What does establishing a stand-alone emissions cap-and-trade system for the benefit of the Tesla’s of the world have in common with the creation of an ‘environmental justice’ program for ‘disproportionately impacted communities?’ The answer for everyone but most of the Democrats in the Colorado legislature is nothing. The two concepts are separate and distinct legislative issues that would normally require considerable public notice and debate, including an analysis of a high price tag of a cap-and-trade system.
That both of these controversial issues were disingenuously combined and jammed through at the closing gavel of the 2021 Colorado General Assembly is a disservice to the legislative process, and to the many stakeholders and individual Coloradans who will be hugely impacted, many of them negatively so. We urge Governor Polis to stick to a commitment made earlier this year and take his veto pen to this harmful and haphazard effort.
The bills in question are House Bill 21-1266, “Environmental Justice Disproportionate Impacted Community,” sponsored by Representatives Dominique Jackson and Mike Weissman, and Senators Faith Winter and Janet Buckner, as well as Senate Bill 21-200, “Reduce Greenhouse Gases,” sponsors by Representative Dominique Jackson, and Senators Winter and Dominick Moreno.
Polis opposition to SB-200
HB-1266 was introduced into the House on April 6 and went through the normal legislative system with minor amendments, passed the House on May 13 and moved to the Senate where it was assigned to the Finance Committee. The bill as introduced was about disproportionately burdened communities in Colorado who have been impacted by adverse human health or environmental affects. It was also meant to give those communities a voice in the decision-making process by the creation of a new State Task Force.
Separately, SB-200 was introduced on March 29 and assigned to the Senate Transportation and Energy Committee, chaired by Senator Winter. Upon introduction the bill received major opposition from the Polis Administration, industry, public utilities, labor unions, and local governments.
Will Toor, Executive Director of the Colorado Energy Office sent Senators Winter and Moreno, Representative Jackson, and the members of the committee a letter outlining his concerns. “Achieving our climate goals requires not only regulation, but market transformation…achieving our climate goals in a manner that is durable and aligned with co-imperative to ensure, affordability, equity, just transition for affected workers, high quality job growth, and reliability of our energy system cannot feasibly be accomplished through a singular rulemaking process at the AQCC (Air Quality Control Commission),” wrote Toor.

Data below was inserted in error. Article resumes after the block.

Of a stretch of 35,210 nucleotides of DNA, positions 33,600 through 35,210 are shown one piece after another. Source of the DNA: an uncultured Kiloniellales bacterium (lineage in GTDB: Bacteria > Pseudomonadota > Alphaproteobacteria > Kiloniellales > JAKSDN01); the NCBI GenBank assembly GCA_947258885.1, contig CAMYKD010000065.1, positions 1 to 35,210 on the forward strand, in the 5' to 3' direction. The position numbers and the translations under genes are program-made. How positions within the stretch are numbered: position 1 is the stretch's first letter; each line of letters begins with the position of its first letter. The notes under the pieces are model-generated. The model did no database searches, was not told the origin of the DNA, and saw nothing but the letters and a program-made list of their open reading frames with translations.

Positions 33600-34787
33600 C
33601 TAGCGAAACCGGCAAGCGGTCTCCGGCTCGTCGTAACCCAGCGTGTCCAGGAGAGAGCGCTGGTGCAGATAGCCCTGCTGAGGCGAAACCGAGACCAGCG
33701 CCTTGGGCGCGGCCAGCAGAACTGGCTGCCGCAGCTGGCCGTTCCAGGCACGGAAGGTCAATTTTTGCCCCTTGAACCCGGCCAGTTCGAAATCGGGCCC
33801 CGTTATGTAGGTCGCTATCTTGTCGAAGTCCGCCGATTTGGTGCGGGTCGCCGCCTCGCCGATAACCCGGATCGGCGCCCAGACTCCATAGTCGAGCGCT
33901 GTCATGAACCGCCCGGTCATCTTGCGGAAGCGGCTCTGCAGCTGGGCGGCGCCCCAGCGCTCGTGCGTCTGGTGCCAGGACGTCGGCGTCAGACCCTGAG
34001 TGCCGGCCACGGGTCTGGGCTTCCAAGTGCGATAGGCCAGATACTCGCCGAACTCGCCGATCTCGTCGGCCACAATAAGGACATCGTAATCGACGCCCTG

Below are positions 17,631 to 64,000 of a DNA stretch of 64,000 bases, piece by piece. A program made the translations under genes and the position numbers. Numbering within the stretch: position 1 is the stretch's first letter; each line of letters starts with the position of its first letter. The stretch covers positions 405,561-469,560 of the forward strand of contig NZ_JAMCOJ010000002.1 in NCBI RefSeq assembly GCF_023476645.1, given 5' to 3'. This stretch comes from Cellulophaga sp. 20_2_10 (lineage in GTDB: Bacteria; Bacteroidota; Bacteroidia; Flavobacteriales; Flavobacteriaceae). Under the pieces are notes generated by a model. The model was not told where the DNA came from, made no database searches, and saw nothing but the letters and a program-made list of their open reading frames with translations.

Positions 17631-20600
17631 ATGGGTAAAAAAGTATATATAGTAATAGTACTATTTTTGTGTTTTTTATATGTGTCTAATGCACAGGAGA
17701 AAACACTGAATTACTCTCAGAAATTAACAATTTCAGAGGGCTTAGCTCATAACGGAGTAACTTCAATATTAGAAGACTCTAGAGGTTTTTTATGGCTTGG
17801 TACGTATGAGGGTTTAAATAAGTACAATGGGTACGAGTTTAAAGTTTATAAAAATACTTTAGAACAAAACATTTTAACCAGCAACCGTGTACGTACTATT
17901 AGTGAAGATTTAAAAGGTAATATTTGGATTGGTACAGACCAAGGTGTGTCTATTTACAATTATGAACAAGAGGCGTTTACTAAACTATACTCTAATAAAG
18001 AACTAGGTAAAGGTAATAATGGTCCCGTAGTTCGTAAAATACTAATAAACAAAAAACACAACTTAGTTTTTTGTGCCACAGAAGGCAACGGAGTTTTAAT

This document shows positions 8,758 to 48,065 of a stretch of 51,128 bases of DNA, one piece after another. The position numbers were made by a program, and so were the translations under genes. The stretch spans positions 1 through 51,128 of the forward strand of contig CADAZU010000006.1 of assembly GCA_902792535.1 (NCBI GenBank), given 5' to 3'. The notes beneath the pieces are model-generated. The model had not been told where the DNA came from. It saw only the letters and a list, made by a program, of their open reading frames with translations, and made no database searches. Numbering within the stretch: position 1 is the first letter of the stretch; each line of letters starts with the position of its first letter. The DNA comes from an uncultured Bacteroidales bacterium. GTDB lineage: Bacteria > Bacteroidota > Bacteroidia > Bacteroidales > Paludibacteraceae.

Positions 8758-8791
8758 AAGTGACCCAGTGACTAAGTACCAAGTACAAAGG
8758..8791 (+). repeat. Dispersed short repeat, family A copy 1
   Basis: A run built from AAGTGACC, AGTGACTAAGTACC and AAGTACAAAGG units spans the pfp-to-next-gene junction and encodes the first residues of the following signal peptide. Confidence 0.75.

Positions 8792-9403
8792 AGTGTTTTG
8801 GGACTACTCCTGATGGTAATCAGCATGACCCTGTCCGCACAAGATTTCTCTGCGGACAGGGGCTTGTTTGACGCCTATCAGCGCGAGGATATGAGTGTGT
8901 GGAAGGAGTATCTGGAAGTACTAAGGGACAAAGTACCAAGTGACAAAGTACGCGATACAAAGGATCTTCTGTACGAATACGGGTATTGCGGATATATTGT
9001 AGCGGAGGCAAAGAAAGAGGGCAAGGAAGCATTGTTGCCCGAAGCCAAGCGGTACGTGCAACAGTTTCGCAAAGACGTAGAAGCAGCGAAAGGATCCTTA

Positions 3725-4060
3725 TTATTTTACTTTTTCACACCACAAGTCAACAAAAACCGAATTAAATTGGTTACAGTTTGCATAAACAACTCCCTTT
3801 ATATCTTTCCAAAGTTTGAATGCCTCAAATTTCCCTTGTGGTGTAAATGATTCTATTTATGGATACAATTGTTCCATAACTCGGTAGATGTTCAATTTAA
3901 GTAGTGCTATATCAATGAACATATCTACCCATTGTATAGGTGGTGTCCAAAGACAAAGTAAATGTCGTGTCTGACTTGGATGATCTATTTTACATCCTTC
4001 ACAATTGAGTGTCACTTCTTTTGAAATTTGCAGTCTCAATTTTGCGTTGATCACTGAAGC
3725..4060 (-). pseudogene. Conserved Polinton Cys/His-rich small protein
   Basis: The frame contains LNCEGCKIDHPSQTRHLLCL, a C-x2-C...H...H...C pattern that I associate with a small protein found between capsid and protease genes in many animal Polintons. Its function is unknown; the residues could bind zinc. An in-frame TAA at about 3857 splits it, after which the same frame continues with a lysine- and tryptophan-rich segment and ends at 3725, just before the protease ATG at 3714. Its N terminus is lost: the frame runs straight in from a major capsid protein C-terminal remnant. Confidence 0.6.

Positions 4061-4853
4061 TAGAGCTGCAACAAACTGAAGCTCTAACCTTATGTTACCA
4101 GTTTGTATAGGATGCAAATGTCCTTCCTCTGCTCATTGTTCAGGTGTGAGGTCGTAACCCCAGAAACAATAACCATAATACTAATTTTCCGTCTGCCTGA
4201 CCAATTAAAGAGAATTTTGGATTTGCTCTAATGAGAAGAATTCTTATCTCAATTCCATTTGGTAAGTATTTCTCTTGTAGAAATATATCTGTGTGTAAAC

At the hearing, Mr. Toor expressed concern that the language of SB-200 would “upend” the work already underway on the AQCC rulemaking on this issue.
Scott Prestidge, Director of Communications & Public Affairs for the Colorado Oil and Gas Association (COGA) echoed this concern, “two years ago, Colorado passed aggressive emission reduction with House Bill 1261 and the bill set targets for a 30-year time frame and that work is well under way. There is no instant gratification nor immediate solutions for meeting global climate change.”
Bottom line you cannot change a 30-year timeline into a short-term requirement.
In fact, HB-1261 was referenced many times by the opposition to SB-200. The 2019 law sets statewide greenhouse gas (GHG) emission reduction goals for 2025, 2030, and 2050. It also directed the AQCC to implement policies and promulgate rules to reduce GHG emissions, and transition Colorado communities towards these goals. HB-1261 was also championed and sponsored by Senator Winter, the same author of this year’s SB-200, even though the provisions of the bill would directly undermine her efforts from 2019.
For his part, Governor Polis publicly threatened to veto SB-200 and the bill languished on the legislative calendar. In the meantime, HB 1266 passed the House on May 13 and was introduced into the Senate that same day.
Two bills become one
On June 7, the next to last day of the legislative session, Senator Winter proposed a 25-page amendment (amendment L.009) to HB-1266 in the Senate Finance Committee. Winter explained that the amendment would add provisions of SB-200 to HB-1266. Numerous opponents to the bill appeared to testify in opposition, including representatives from the Colorado Rural Electric Association, the Colorado Chamber of Commerce, Weld County, Xcel Energy, Black Hills Energy, and the American Petroleum Institute (API).
Jack Ihle, Director of Environmental policy at Xcel stated that they wanted to ensure that the bill did not create double regulation and create unnecessary costs to customers. Tyler Mansholt, Legal Counsel for Black Hills, was also concerned with the cap-and-trade program, he mentioned that there was a federal program under consideration and that this legislation could pose even more issues with having to be involved with both federal and state trading programs.
The members of the opposition had less than 24 hours to prepare, digest, and unpack the 25-page amendment and less than 48 hours before the Senate adjourned Sine Die.